You can look it up at the Illinois Department of Correction web site when you search under “inmate search”. His release date is calculated by taking the sentencing date, going back on the calender the number of days he got credit for serving at cook county jail and then adding 180 days (1/2 year as he gets automatic day for day good time credit, which can be revoked if he acts up in prison).

      • Linda Shelton 11:52 am on December 30, 2012 Permalink | Reply

        Take his sentencing date and add 182 days (he automatically gets day for day good time credits so he will do six monts), then subtract the number of days credit he was given by the judge for the days he was in jail after being arrested. This will get you his out date.

    • Toni Anthony 9:24 pm on January 21, 2013 Permalink | Reply

      Will the Wait After Paying a D Bond Be Possilbly Over Night?

      • Linda Shelton 7:01 pm on January 22, 2013 Permalink | Reply

        No – he should be released before then. If you paid it at 5-9 pm however, he may not get out until 1 am.

    • Reemonda 8:49 pm on February 25, 2014 Permalink | Reply

      What does no bond means?

      • Linda Shelton 2:21 pm on April 8, 2014 Permalink | Reply

        No bond meands you stay in jail until trial or until the judge changes the order at a future hearing. You can’t get out by paying a bond.

    • Jasmine 4:05 pm on March 10, 2014 Permalink | Reply

      Also the fact that I have a friend that also was in jail and bailed out by his friend he said the check went to him and not the person who bonded him out is the true? My x husband owes child support can I go after the bond money ??

      • Linda Shelton 2:18 pm on April 8, 2014 Permalink | Reply

        The money is mailed to the inmate at his last known address. Of course you can go after the bond money. You would need a court order and help from an attorney to put a lien on it.

    • Fahima McGee 12:29 pm on April 4, 2014 Permalink | Reply

      My husband was sentenced on March 12, caught on outstanding warrant. Left to DOC that Thursday. Signed off on bond slip 3/12. Why haven’t I received my bond back it’s been 21 days.

      • Linda Shelton 2:11 pm on April 8, 2014 Permalink | Reply

        It can take up to 8 weeks to receive bond back minus 10 %. The check is sent to the inmate at his last known address registered with the jail when he was picked up.

    • larry 1:44 pm on April 17, 2014 Permalink | Reply

      What determines the type of bond issued? Specificly, why would someone be given a c-bond rather than a d-bond? Thank you

      • Linda Shelton 2:26 pm on April 17, 2014 Permalink | Reply

        If a judge is really nasty or a person very rich and they want to kep them in jail and then steal their money as Illinois has an unconstitutional statute that the court keeps 10% of all bond money returned, even if the person is innocent! We need a class action about this taking of property (money) through fraud without due process of law. The court clerk is essentially charging different fees from defendants for the same service, tying the fee to the amount of bail. This is unconstitutional and amounts to felony fraud.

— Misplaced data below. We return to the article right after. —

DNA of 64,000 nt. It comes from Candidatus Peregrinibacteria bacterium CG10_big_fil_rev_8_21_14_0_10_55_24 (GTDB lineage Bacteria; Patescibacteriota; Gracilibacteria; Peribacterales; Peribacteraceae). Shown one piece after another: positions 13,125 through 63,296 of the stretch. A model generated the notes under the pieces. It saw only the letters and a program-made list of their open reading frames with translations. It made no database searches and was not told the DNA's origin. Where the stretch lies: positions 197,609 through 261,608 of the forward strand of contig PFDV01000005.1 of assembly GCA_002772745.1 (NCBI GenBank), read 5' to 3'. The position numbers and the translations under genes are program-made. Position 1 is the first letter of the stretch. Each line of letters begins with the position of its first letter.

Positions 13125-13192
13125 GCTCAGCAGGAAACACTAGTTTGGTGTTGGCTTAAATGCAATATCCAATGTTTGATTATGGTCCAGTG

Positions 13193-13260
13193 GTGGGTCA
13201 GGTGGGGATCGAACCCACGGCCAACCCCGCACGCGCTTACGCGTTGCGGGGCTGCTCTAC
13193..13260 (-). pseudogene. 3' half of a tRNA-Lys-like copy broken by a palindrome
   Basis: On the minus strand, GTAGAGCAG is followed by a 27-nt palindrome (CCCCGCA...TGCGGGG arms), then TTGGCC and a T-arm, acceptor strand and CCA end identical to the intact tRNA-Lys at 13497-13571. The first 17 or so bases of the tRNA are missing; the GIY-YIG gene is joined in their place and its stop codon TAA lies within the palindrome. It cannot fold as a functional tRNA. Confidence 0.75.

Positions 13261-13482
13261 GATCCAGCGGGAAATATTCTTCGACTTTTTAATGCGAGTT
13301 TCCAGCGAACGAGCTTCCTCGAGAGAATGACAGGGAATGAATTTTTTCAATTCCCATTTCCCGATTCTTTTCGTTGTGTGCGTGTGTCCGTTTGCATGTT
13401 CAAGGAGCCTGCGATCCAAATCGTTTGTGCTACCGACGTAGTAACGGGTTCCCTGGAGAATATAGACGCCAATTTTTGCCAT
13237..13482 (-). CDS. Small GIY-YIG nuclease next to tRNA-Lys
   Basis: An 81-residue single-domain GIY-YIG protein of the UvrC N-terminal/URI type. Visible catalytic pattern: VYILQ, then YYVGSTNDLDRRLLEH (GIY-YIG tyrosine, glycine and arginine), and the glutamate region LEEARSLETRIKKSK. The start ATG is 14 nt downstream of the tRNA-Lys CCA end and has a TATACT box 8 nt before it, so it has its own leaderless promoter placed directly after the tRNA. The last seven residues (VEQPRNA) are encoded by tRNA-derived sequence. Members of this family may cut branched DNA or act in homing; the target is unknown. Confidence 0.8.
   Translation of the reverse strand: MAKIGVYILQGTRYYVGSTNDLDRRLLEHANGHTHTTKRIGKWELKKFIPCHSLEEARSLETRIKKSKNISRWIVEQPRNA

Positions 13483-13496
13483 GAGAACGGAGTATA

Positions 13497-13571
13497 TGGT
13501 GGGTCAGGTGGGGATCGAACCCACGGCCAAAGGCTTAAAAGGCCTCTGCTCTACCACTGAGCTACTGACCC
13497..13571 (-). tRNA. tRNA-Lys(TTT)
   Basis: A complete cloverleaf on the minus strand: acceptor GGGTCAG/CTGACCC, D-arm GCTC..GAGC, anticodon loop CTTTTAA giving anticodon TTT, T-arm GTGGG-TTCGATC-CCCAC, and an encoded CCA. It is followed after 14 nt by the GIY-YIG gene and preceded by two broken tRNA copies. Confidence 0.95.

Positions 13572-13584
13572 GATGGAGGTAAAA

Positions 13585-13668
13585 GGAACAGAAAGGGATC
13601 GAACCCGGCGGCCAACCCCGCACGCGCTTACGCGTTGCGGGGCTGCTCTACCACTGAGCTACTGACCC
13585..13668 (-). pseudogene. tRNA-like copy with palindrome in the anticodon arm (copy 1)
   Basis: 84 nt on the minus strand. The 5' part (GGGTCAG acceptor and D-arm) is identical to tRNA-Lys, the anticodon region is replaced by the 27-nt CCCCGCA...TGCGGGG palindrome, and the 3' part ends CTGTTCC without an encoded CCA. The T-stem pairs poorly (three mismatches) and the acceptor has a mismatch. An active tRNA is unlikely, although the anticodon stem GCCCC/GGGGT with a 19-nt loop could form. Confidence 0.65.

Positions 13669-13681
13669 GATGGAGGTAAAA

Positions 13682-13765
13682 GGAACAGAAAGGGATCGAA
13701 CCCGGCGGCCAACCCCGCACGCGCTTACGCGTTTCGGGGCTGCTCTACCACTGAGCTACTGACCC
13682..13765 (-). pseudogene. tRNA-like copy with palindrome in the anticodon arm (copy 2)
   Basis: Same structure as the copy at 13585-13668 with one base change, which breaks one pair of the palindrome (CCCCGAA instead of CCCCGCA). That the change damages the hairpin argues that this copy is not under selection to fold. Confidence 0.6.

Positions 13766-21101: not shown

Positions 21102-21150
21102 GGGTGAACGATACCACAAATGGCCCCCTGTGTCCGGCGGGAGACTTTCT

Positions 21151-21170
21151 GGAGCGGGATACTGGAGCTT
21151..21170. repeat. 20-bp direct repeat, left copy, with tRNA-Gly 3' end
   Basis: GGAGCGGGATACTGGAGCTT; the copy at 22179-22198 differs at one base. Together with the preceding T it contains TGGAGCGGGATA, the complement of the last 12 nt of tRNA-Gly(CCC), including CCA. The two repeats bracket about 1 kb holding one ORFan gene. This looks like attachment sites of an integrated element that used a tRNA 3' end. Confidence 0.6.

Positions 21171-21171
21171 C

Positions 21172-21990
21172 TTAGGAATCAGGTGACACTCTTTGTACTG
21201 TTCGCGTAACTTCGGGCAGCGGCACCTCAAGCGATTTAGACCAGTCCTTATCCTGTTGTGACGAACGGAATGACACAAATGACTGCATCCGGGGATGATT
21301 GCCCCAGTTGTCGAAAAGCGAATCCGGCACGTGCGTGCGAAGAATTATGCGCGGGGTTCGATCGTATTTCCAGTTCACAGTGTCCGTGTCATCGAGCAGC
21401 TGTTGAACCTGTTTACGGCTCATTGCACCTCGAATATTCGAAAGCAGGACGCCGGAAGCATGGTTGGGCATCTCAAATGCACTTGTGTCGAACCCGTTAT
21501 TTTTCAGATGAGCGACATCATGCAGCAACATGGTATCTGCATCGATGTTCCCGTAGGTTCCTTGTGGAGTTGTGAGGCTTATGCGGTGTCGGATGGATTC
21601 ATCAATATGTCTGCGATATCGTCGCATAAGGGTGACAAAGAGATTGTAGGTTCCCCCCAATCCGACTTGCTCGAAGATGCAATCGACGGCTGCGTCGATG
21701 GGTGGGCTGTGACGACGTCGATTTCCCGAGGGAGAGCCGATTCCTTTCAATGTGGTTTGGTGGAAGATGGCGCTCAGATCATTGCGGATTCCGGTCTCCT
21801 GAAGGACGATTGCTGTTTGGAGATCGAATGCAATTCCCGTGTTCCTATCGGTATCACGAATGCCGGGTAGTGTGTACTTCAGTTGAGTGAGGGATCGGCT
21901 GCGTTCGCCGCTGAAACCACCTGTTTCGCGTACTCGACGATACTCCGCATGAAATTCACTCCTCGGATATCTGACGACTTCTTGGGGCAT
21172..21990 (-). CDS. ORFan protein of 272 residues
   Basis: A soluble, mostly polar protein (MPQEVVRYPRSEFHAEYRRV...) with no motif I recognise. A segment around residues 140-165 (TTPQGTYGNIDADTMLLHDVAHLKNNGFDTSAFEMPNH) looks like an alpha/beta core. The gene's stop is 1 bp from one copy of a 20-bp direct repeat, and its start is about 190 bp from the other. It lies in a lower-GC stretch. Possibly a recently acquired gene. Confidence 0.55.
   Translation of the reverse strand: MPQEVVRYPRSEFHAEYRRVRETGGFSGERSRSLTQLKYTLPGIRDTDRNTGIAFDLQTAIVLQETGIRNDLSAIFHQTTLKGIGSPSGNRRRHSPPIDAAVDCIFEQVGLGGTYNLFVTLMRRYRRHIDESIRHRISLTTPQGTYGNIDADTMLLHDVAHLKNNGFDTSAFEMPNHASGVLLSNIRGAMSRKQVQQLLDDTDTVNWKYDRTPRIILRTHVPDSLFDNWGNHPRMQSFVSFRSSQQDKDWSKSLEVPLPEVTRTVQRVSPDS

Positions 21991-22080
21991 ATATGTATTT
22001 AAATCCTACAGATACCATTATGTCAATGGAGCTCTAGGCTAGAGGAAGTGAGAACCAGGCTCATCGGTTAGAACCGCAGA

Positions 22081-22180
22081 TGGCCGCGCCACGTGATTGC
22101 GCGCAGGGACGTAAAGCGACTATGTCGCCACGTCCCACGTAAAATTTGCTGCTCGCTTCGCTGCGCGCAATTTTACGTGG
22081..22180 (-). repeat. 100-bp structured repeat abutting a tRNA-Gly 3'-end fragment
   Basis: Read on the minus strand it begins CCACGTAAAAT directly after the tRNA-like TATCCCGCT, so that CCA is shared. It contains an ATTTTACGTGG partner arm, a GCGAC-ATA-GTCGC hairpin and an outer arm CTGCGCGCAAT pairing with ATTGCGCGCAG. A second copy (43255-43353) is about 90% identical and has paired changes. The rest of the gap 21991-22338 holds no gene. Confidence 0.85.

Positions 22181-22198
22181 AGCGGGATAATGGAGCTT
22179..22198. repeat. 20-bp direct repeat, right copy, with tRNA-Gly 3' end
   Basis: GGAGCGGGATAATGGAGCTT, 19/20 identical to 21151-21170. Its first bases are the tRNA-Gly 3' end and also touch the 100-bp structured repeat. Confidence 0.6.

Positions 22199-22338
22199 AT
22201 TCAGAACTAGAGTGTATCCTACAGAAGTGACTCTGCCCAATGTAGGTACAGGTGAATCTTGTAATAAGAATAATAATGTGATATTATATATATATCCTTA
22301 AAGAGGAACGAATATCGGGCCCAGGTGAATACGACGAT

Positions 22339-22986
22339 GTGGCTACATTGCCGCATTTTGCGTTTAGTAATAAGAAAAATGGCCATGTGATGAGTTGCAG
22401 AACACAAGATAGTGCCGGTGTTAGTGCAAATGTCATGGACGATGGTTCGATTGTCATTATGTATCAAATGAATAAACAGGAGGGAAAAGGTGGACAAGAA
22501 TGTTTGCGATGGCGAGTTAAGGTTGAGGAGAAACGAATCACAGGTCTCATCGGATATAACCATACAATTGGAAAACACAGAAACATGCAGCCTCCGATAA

• Linda Shelton 5:08 am on July 10, 2011 Permalink | Reply
    Tags: CCDOC, , , handicapped parking, parking, parking meters, pay boxes   

    Parking at cook county jail 


    The jail has street parking only on california and on 26th street. On California you will be ticketed or towed between 4-6 pm so don’t park at that time. There is plenty of parking on the streets behind and to the side of the large parking lot on the east side of California and 26th St.

    You must pay for street parking about $2.00 per hour using quarters or a credit card.  The pay boxes are located at intervals around the block and you must put a receipt in your window or you will get a ticket.  There are no individual parking spaces and parking meters have all been removed.

    Don’t get confused that there are no parking meters.  You still have to pay for parking at the pay boxes and put the receipt into your car window.

    A company was contracted with to provide and maintain the pay boxes and the City got ripped off in the deal (they received millions up front, but far less than the total contract over decades is worth).

    Handicapped parking is not available. You must park on the streets. Yes it is illegal for the city to fail to provide handicapped parking spaces near the jail, but the City of Chicago and the Cook County Courts hold themselves above the law and IL Attorney General Lisa Madigan, whose job it is to enforce federal laws pertaining to handicapped persons parking and accommodations has refused to enforce the law.

    Only prosecutors, prosecution witnesses, people undergoing exam in the forensic psychiatry clinic on the 10th floor of the court services building, and employees can park in the parking garage or use the handicapped spaces in the parking garage.

    The parking garage is not big enough to accommodate all persons who come to the jail and courthouse.

    Defense witnesses, defense attorneys, and family members or people viewing trials from the gallery must  park on the street or in the private expensive parking lot on the NW corner of 26th & California.

     
    • Sharon Baker-Johnson 1:57 pm on December 1, 2012 Permalink | Reply

      As of 12/1/12, parking on the street is now $1.75 an hr., max. 4 hrs. People checking for expired receipts on the car windshields are diligent.

c
Compose new post
j
Next post/Next comment
k
Previous post/Previous comment
r
Reply
e
Edit
o
Show/Hide comments
t
Go to top
l
Go to login
h
Show/Hide help
shift + esc
Cancel
Follow

Get every new post delivered to your Inbox.

Join 709 other followers